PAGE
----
Genre, Now Two Guys and a Laptop, Gears Up For Its First Show In Two Years Tonight
Taking two years off from live shows is a pretty ballsy move, but local synth rockers Genre took the time off to reinvent themselves. The band shrunk from a four piece to two guys (Zac Markey, guitars/vocals and Corey Gomez, keyboards and vocals) and a keyboard. Both musicians agree that halving the number of people in Genre has streamlined the band's songwriting process.
Genre makes its grand return at Rogue Bar tonight, armed with a few new songs and retooled versions of old songs. Check out how Genre intends to sound like Prince after the jump.
Why did you guys take a couple years off? Corey Gomez: We were on a rise, we were going pretty good like two years ago playing a lot, like all the time, slowly making these songs that were more us and then...
Zac Markey: There was too many people, there was four of us. It was hard to communicate with 3 other people. So, I just think that it was going the way that some of us thought it would, but it wasn't going the way that everyone thought it would, so those people left and now it's just Corey and I.
When you perform live, is it just you two, or do you bring additional musicians in? ZM: It's just us, and then we have this guy [points to computer].
What did you guys do during your break? CG: The goal was always to play again without a drummer, basically. We wanted to play music still without a drummer. We thought it could be done, we thought we knew enough about all the computer stuff (Ableton) to make it sound still rockin'. We never really stopped over those two years, and then it came to recently when we were like, "What are we doing? We've stopped for way too long now, let's just make ourselves do this now."
It did help a lot just to have two of us because now we're really streamlined and we can make up a song in a day now, instead of over the span of several practices.
We're doing some old songs, but also new songs. That helped us a lot too to start again. It's just us two, now what are we going to do? We have those old songs, let's start there and they sound different and I think not as busy in a good way, just more focused.
You said you sound pretty different now. What have you changed? Will people who saw you a couple years ago be able to recognize you? ZM: On stage, no. We have costumes now
ZM: I'm Jacques Dramatique, and Corey, we came up with it last night, is Pastor Corduroy. But musically, probably sometimes.
CG: It's not as loud. Well, it's still loud, but like I said, more focused. The parts are in place, it's not just rocking out, now they sound more rounded out.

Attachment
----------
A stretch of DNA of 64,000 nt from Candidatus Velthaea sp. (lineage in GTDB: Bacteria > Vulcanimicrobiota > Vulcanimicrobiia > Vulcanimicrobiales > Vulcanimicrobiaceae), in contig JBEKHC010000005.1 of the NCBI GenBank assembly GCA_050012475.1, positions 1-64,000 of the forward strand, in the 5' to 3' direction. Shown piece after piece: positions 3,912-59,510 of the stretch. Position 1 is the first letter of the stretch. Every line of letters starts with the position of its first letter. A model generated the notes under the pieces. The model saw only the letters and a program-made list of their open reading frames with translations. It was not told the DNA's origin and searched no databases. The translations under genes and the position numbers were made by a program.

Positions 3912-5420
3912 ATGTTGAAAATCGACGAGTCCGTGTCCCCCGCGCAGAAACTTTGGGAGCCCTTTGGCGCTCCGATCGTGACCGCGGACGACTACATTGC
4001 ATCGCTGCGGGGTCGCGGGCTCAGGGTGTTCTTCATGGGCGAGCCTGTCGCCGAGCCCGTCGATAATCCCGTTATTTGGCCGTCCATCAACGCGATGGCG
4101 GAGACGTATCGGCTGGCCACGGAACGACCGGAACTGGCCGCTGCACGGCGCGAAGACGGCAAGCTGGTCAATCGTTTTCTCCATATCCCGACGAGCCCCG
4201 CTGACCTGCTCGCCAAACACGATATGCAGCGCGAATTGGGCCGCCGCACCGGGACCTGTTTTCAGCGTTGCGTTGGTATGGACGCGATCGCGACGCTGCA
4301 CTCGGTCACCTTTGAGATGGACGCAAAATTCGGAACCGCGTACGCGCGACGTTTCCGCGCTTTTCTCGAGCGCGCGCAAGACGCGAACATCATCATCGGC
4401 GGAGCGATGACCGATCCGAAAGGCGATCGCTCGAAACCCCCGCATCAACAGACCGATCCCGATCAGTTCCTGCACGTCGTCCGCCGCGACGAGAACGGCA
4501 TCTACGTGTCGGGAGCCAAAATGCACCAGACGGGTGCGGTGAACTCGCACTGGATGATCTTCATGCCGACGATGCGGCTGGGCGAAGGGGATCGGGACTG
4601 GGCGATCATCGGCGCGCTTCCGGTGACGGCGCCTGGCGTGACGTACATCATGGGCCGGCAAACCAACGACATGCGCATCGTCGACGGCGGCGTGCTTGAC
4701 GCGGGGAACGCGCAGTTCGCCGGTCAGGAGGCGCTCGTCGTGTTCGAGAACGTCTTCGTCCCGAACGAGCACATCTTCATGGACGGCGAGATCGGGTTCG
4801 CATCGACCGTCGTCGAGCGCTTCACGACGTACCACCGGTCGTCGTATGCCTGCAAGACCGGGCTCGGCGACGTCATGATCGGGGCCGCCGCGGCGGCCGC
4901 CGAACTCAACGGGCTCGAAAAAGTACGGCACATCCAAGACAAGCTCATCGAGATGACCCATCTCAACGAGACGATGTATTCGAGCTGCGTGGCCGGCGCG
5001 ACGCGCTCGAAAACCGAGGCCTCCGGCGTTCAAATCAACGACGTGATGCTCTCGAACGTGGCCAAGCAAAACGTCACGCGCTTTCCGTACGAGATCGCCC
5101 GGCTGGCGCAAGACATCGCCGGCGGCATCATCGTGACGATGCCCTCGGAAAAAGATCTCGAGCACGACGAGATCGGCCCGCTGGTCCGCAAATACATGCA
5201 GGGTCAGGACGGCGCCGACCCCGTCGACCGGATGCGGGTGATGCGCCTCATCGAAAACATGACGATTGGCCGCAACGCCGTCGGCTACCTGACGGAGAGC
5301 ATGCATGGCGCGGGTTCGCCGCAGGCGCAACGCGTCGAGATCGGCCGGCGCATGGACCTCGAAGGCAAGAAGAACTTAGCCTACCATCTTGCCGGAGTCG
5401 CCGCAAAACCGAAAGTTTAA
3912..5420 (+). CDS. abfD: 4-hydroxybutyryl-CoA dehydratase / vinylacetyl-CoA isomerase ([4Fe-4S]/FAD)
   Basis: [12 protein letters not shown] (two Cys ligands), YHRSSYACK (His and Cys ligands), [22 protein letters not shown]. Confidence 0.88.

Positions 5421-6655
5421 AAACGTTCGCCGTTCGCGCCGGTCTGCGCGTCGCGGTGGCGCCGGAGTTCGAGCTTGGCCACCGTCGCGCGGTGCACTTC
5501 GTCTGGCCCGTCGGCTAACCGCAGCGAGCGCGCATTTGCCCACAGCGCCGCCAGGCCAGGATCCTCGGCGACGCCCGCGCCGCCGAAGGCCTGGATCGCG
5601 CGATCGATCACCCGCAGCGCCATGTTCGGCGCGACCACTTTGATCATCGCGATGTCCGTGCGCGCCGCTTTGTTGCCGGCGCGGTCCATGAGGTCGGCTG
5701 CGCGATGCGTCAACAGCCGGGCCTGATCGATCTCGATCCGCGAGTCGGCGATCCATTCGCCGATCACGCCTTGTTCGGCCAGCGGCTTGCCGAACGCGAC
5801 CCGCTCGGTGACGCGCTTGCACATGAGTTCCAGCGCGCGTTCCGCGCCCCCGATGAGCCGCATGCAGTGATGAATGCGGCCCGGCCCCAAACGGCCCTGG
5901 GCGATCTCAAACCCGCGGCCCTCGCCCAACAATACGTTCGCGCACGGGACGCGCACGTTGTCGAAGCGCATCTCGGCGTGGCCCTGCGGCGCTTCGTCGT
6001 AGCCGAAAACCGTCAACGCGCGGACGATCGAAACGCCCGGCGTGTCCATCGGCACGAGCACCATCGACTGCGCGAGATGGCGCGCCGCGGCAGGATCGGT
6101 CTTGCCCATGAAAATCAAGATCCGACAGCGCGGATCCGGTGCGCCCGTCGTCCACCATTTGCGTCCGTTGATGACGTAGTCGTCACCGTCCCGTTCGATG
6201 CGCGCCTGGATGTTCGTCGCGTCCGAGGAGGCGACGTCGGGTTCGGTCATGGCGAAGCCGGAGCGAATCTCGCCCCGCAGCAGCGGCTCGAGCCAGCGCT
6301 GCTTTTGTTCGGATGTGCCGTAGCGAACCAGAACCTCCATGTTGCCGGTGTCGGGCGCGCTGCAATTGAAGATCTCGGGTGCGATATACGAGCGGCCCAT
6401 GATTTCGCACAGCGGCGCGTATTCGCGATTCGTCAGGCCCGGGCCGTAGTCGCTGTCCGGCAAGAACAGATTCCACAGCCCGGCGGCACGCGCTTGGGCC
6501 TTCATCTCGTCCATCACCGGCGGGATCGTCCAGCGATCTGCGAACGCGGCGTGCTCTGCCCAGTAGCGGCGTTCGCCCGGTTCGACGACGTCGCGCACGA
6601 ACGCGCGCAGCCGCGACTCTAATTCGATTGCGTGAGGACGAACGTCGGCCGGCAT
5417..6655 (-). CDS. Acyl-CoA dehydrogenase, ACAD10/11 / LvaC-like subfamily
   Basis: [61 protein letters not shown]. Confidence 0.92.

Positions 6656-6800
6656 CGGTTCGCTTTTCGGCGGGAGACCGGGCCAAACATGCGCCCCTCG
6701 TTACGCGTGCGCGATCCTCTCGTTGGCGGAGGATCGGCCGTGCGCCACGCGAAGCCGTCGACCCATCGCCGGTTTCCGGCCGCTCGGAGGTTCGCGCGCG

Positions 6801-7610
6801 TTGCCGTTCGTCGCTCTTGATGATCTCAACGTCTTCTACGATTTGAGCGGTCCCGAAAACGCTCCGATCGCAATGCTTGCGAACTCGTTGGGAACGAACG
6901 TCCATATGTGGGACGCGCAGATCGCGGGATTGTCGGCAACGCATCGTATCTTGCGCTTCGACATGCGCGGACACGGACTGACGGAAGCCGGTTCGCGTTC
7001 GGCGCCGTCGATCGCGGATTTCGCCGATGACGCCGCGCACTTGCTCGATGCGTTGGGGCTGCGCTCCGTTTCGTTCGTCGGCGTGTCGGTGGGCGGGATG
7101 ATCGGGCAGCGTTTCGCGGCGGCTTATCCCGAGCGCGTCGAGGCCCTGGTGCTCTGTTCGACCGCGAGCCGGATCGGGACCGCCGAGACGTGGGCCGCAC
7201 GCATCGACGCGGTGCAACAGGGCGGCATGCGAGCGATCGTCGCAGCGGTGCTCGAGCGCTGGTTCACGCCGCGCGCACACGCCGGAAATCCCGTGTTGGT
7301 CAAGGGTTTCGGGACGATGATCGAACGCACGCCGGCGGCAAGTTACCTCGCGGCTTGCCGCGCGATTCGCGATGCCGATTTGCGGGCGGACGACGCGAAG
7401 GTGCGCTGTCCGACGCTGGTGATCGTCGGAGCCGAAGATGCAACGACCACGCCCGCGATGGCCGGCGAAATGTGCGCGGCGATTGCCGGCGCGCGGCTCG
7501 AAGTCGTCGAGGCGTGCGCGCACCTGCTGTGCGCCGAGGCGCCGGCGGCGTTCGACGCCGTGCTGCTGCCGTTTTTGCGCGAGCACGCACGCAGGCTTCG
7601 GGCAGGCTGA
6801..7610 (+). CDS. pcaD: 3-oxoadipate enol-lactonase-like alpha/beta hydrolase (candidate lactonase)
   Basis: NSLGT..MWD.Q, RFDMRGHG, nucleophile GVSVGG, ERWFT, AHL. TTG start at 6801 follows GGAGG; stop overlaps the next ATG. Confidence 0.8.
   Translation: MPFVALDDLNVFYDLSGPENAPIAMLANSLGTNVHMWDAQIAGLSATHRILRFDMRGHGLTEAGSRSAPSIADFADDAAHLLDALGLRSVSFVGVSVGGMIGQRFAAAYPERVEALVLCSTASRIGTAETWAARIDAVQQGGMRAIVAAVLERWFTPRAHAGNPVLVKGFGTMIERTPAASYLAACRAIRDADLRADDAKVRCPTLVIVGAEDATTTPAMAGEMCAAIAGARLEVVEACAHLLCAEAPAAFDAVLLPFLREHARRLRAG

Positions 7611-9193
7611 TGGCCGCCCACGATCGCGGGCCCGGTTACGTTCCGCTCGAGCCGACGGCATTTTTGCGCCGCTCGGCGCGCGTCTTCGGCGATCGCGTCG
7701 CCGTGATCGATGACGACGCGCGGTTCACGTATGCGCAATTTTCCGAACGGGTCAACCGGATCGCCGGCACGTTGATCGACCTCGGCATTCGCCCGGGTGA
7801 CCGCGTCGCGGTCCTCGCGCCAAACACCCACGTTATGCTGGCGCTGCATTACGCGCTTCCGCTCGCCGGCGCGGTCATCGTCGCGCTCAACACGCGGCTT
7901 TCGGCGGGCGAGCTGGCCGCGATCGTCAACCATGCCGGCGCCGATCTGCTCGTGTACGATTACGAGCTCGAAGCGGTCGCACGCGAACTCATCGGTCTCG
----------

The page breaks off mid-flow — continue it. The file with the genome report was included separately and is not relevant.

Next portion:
ZM: You can do so much with the computer. The thing that really capped off the two years was that Kyle (guitar/keyboard) quit. He was working with us in Ableton, it was his idea, really, and he was just like, "I don't want to do it anymore." We were like, "That's fair, it's been a long time."
CG: It was very amicable, he was just wasn't feeling it.
ZM: So, it really got us going. We were actually at Rogue and we saw Bogan Via. One of the biggest things holding us back is we needed nicer gear, and we see Bogan Via and they had two Macbook Pros on stage.
Afterwards I asked them--I was like, "Hey, that's awesome that you have that shit up there, what are you running with it?" And they're like, "Garage Band and this free sampler." I was just like, oh wow, we really need to get our shit together.
CG: After knowing how powerful Ableton can be...
ZM: You can do so much with a computer. If you have a computer on stage in 2013, I feel like you should fuckin' sound like Prince, as far as what you can do with it.
ZM: I think we're embracing the name Genre more than ever because when we first did it, it was a joke because we were a cover band.
CG: An oldies cover band, called The Friendly Guys. Our guitarist went to summer camp, we were in college, it was ridiculous. We were like, okay, how can we play these songs with just keyboards, bass and drums--we'll just make one with bossa nova, we'll make a punk rock one, we'll make it all over the place, and we'll call ourselves Genre.
ZM: It was like a joke, and then he came back and he was like, "I'm moving to Australia now." And we were like, "Oh, but we still want to play!" But he was our frontman, so we couldn't do Friendly Guys without him, for sure.
So for the last Friendly Guys show, we had a skit where we threw him out of the band. Before it was four dudes and we had certain sets of instruments, so no matter how good we were, it was always going to be within a certain range. And now, with how we're doing it, we use the same drum sounds like two or three times in the set, maybe.
CG: And the drum sounds, we made ourselves as well.
ZM: It's just like doors slamming and we sampled it. We also sampled Donny from Sun Ghost, we call it E-Donnie.
CG: Because we sampled him hitting every piece of the drum kit
ZM: And we just program it to play our beats
ZM: I have this fantasy in my head that when we're on stage in our personas, we're time travelers from 2013 and we've gone back to the '80s to play their music but with the technology of now.
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